I hope this information helps at least one person on this blog. As far as the new visa “rule” is concerned, my experience shows that there are ways around it. Good luck with your own application!

  5. Katrina says:

    Question, new requirement about needing previous passport if your prior passport was issued after Jan 2015 – does this apply to all nationalities (Australian) or only US passports? Anyone had any luck with just showing copies of previous passport, rather than the original?

  6. levina says:

    hello,
    i’m currently live in beijing for school and i want go to hk to meet my family. and my visa is 1 entry. it is possible to make visa in hk? and i have my admission notice for school in beijing. maybe that admission notice will help to make visa. anyway, i’m indonesian.
    thanks

  7. Brunski says:

    Hello, I’m currently in Dongguan, have an Italian passport & on a 12 month multiple entry business visa which will expire in 2 weeks. I have a letter of invitation, can I come to HK to renew for a 12 month business visa or need to go to another non-china country? What is the cost to do in HK?

  8. Mari-Janet Lamprecht says:

    Question: my husband needs a tourist visa for China, but his passport was issued in January 2017, he do not have his previous passport with him. Will a photocopy of his previous passport’s info page be sufficient?

  9. Crystal says:

    Thanks for this article, very clear on the process. However I’m applying in Hong Kong for a tourist visa and want to get either a 90 day stay or multiple entry visa. I hold a HKID with no stars and a British passport and I have an expired 90 day visa already. I don’t have flights to leave China but planning to come back to Hong Kong via Shenzhen by train/MTR, how do I give proof of departure if I can’t buy the train/MTR tickets in advance?

  10. Keegan says:

    Hello,

    If a person holds a British Passport and a Hong Kong ID card, can they apply for a Z-Visa (for the British Passport) at the Hong Kong Chinese Consulate?

    Kind Regards

    • Christopher R. says:

      I’m not sure about the consulate, but for visa agencies in Hong Kong, the answer is yes. I checked in person today and the agency also suggested that you need a business card, in addition to standard Z Visa requirements.

  11. John says:

    Hi,

    I’m on a 60 day dual entry visa (30 days each entry) which expires near the end of June. I need to get another 30 days to finish my work assignment (I am working for a US company within Shanghai). I am thinking of using FBT China Visa. The total length of my time needed to be in china is a bit more than 90 days so I’m working remotely in Hong Kong until it’s exactly 30 days left for the dates I need to arrive and leave Shanghai.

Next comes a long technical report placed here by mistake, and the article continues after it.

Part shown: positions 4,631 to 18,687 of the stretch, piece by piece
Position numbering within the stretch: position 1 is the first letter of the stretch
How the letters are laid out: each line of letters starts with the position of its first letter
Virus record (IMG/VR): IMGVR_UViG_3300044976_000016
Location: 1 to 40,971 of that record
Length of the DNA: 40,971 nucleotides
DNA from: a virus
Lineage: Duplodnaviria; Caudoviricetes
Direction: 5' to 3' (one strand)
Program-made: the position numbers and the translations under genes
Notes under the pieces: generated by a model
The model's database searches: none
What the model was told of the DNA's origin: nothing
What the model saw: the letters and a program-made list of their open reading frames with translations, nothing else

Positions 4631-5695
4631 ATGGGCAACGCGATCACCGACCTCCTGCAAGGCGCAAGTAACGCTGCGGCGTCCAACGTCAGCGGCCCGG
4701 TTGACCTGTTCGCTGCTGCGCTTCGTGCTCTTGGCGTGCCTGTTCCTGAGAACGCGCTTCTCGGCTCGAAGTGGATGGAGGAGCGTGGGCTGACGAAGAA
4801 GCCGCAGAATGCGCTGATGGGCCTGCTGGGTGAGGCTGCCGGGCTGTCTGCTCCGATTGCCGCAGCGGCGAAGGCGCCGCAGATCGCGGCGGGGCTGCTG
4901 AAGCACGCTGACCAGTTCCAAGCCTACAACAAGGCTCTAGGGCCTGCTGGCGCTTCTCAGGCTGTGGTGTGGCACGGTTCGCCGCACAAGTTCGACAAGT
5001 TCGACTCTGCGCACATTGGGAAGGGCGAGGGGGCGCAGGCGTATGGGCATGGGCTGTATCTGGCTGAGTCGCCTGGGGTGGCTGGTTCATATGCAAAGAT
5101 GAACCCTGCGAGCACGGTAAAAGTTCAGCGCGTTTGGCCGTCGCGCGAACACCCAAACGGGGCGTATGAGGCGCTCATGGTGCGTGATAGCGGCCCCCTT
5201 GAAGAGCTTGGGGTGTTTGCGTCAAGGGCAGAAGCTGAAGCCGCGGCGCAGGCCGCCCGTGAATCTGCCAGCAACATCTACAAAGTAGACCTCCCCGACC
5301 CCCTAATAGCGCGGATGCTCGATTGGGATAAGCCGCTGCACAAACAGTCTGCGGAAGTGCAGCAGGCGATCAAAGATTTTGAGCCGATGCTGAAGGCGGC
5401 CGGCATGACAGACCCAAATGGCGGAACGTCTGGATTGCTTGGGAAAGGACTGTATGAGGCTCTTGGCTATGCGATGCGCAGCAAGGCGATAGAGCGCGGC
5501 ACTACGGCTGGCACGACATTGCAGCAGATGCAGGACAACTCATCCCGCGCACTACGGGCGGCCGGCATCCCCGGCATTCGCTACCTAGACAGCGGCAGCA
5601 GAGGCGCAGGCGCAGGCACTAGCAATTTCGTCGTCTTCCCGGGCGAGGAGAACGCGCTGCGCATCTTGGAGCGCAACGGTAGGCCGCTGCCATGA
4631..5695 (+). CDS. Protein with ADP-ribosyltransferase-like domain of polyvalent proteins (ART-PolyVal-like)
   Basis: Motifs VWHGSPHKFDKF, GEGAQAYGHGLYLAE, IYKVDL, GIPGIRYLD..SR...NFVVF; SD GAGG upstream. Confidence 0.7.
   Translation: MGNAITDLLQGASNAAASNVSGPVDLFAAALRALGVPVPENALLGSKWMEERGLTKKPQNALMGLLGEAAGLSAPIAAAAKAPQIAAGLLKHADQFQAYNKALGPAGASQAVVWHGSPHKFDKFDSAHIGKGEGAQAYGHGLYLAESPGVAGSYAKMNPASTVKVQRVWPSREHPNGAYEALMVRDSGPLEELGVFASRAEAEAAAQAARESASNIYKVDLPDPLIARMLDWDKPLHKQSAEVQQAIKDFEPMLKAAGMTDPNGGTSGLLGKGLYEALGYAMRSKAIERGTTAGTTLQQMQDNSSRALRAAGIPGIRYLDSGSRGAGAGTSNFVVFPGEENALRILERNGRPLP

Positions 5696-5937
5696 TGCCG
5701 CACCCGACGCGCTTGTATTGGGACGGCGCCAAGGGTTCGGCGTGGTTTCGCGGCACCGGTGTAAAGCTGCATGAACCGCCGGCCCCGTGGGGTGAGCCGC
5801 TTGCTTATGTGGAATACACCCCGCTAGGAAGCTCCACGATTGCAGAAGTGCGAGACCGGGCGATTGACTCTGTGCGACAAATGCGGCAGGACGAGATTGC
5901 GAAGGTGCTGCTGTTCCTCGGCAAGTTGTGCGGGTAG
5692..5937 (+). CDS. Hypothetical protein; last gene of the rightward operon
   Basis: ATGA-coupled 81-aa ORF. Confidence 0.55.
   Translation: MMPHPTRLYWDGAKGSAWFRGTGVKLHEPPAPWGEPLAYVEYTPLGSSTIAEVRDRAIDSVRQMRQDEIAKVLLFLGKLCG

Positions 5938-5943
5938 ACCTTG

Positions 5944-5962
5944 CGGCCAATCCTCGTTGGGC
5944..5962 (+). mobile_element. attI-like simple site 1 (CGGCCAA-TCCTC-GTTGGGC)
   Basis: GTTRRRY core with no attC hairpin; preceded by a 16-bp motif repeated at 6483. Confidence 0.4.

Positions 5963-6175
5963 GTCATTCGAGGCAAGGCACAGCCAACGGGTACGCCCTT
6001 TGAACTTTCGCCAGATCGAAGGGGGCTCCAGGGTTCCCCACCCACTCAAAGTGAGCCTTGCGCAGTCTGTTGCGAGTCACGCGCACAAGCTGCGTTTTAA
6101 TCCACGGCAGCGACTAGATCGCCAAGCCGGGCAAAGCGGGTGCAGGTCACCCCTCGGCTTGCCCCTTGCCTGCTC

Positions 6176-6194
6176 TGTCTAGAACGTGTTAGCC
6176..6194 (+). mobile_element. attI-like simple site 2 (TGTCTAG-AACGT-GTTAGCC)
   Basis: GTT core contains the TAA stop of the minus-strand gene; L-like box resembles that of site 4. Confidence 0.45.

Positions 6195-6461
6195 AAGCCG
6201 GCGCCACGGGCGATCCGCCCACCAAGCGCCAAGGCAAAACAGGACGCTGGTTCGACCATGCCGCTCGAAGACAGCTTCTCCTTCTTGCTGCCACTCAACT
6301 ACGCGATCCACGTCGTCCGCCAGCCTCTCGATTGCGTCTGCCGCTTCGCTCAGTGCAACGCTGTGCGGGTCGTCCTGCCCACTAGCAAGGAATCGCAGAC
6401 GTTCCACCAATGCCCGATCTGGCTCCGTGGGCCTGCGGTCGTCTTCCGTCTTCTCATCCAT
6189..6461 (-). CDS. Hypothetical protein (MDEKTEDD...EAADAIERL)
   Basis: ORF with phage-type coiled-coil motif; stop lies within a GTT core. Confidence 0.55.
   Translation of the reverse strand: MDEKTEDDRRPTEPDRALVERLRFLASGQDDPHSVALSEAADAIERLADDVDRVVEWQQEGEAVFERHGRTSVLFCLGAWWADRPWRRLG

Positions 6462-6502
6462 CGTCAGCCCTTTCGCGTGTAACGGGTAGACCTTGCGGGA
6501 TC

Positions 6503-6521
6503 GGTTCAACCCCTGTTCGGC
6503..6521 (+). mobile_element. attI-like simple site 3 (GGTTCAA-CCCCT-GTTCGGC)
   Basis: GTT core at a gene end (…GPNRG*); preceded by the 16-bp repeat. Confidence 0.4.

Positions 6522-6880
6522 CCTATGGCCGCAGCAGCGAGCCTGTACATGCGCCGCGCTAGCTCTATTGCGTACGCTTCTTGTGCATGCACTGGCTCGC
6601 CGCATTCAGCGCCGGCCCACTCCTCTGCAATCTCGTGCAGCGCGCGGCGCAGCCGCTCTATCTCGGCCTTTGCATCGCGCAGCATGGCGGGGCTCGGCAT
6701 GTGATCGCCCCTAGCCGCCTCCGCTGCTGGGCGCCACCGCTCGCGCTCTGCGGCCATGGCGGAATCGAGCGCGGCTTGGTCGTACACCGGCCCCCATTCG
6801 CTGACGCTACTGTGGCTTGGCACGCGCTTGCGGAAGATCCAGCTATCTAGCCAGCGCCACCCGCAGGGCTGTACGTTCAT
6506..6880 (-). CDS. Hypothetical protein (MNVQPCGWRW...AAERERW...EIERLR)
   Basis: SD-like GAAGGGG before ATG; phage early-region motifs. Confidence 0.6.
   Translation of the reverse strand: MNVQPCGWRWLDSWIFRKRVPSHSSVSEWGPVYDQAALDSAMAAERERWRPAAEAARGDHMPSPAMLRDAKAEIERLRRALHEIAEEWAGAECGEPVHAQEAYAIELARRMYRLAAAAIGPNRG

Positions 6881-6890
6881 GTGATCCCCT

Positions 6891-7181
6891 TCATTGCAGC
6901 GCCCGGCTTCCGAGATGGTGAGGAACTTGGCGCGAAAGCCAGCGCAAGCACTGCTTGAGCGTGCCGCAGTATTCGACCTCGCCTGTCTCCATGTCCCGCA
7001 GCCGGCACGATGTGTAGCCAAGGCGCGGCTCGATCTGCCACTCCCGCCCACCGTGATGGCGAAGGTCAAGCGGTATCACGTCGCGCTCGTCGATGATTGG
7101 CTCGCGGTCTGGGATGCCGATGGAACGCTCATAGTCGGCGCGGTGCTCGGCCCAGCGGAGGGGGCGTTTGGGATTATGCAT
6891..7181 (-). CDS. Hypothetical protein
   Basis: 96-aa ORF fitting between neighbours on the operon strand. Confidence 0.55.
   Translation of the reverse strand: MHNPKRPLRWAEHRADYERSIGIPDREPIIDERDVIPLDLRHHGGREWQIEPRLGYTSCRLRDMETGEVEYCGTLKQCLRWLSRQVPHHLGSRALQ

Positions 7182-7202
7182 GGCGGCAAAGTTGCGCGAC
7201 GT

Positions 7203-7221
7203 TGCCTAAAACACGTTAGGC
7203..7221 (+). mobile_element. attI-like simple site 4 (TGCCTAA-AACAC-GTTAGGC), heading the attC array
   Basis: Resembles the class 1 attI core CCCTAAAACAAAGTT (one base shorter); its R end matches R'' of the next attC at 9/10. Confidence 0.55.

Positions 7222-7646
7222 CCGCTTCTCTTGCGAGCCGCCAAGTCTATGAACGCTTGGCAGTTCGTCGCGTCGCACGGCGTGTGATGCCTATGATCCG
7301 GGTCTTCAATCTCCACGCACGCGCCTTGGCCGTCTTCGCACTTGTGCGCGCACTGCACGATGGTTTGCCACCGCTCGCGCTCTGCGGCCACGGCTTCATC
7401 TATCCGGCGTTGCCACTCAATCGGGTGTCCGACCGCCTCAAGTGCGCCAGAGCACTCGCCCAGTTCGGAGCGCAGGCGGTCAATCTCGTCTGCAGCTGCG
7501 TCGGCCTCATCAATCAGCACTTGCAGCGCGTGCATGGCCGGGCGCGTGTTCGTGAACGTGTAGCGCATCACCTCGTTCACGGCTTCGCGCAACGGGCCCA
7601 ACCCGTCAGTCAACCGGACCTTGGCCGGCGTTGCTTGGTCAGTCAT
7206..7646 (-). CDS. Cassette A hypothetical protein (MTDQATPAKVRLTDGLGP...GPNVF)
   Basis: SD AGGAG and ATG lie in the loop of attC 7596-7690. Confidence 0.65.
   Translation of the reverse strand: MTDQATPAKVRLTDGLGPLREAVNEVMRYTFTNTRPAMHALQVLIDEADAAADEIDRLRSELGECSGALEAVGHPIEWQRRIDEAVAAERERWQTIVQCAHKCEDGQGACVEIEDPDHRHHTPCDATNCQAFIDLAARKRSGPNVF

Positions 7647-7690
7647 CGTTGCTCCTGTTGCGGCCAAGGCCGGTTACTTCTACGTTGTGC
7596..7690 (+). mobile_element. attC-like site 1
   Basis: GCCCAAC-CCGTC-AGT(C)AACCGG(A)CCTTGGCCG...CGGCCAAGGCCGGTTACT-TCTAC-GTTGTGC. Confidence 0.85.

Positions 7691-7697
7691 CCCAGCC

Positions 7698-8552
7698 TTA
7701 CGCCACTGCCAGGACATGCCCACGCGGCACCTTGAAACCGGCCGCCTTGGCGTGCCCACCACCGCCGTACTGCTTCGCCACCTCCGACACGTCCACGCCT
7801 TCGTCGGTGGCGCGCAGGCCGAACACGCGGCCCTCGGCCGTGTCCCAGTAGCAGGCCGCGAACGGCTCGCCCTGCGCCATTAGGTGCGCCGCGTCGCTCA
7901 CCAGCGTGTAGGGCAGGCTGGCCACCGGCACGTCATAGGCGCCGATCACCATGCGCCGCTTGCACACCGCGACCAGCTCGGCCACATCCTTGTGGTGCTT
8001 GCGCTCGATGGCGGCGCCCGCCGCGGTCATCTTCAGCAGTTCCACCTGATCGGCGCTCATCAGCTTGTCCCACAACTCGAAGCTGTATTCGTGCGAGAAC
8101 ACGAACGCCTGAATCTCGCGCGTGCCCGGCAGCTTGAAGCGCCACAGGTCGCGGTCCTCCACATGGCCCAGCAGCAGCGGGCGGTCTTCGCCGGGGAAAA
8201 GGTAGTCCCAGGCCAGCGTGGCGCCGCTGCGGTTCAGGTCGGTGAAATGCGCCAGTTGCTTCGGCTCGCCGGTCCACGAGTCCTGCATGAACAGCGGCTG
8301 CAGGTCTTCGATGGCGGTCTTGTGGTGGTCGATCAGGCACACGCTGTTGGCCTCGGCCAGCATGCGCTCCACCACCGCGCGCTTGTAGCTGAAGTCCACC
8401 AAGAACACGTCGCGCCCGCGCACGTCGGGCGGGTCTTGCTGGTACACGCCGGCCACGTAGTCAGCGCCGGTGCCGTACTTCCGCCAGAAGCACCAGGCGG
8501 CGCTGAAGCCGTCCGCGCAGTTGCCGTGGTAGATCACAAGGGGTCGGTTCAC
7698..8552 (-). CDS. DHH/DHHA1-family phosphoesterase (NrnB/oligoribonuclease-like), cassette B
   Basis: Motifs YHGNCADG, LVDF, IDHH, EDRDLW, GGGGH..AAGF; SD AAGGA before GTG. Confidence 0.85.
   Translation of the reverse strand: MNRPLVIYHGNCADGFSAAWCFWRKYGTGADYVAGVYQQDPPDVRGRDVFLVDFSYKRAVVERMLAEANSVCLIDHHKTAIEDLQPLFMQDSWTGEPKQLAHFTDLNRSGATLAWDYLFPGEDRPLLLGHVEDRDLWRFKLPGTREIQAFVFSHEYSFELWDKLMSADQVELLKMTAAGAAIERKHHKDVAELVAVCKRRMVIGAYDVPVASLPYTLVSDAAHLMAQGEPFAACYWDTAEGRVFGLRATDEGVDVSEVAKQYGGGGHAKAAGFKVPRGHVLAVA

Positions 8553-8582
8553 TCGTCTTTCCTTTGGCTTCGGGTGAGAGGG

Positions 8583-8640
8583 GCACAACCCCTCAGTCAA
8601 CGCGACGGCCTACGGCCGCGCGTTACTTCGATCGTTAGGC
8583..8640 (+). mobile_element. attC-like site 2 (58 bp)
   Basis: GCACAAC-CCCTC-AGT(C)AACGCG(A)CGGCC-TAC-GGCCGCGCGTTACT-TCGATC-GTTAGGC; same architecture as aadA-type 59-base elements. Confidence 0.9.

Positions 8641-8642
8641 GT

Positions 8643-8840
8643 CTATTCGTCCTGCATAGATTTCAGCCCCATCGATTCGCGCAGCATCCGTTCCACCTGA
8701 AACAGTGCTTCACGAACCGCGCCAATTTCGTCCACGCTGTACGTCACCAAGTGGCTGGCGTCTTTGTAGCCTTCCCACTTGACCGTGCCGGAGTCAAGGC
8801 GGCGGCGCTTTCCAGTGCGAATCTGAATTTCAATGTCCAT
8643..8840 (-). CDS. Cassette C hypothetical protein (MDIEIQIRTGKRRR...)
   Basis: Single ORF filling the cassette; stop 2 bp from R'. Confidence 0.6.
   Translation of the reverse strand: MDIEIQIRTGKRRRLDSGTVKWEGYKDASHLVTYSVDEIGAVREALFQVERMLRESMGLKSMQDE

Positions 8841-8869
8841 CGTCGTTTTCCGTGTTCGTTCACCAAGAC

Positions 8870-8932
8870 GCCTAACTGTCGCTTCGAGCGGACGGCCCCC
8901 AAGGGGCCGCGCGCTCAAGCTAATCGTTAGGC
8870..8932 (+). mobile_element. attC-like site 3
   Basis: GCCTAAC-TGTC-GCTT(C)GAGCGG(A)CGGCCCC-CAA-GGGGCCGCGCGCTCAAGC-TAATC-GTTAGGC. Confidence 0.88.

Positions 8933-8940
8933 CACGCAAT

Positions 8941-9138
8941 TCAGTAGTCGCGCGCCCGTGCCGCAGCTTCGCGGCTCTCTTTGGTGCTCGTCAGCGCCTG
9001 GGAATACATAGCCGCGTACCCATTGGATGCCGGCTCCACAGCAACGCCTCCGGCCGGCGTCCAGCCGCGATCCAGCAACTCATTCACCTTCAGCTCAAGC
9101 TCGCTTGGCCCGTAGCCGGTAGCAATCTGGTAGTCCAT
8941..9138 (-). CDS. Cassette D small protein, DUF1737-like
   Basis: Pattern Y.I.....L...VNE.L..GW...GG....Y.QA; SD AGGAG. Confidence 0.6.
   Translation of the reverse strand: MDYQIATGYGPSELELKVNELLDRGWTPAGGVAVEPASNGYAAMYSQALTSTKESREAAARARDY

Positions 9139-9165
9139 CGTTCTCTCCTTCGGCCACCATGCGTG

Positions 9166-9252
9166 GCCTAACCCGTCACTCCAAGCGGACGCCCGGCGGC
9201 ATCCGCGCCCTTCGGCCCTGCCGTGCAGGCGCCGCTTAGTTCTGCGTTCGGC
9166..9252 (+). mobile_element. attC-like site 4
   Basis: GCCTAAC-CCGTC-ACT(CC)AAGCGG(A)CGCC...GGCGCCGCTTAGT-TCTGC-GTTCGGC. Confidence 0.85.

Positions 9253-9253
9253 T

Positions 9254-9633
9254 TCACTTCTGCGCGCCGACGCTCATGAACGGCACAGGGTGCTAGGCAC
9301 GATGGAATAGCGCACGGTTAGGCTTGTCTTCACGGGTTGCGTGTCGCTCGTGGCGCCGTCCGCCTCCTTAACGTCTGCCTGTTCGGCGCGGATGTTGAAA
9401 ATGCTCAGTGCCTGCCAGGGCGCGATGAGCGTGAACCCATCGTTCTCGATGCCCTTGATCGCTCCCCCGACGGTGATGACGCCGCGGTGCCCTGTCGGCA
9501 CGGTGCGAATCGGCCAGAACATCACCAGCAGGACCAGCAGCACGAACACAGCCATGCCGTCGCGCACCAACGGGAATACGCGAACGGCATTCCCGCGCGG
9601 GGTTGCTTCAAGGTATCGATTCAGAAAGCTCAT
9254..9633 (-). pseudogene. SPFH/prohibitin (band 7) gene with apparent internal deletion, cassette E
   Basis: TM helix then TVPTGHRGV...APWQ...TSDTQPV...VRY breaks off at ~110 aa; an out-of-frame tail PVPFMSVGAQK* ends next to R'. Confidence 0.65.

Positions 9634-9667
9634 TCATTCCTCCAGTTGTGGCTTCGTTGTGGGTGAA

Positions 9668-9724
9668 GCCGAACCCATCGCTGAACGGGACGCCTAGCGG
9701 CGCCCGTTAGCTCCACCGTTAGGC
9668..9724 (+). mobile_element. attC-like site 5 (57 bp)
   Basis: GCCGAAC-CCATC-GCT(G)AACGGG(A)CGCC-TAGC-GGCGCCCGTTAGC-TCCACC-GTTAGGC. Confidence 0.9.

Does anyone have tips to ensure I get the 30 day visa or a company that they recommend I should use. Work is covering the visa costs so I am happy to go through an agency instead of applying directly.

  12. Mary Liao says:

    Hi, A US friend is visiting me in HK and wants to do a trip to Shanghai/Shenzhen. The China consular office site here says that only HKID holders can apply for China visas in HK. Flight Center in HK is telling me that you CAN apply, but as of April 2017 if your passport is issued post Jan 2015, you must also submit your old passport (which he didn’t think to bring). So is there any way at all for him to visit China?

    • Christopher R. says:

      If he has a photo of the personal info page of the passport that will work.
      This is a new rule causing a lot of confusion; we’ll have a post on it in the coming days.

      • Joanna says:

        What if you don’t have your personal info page? I was born in china but am an us citizen now however when I got my us passport I had to give in my Chinese passport

  13. Chris says:

    I just tried to apply via CTS as I didn’t have time to do it in my home country. Unfortunately, I was unlucky and got a rather inapt consultant. She asked me to sign a letter ‘to the China embassy’ in which I declare that my previous journeys to Dubai were for tourism, as I visited the ‘middle east’.
    Long story short, the Chinese government employee got offended by the word ’embassy’ and refused my visa. I had to hand in all the documents again and defer my journey to China.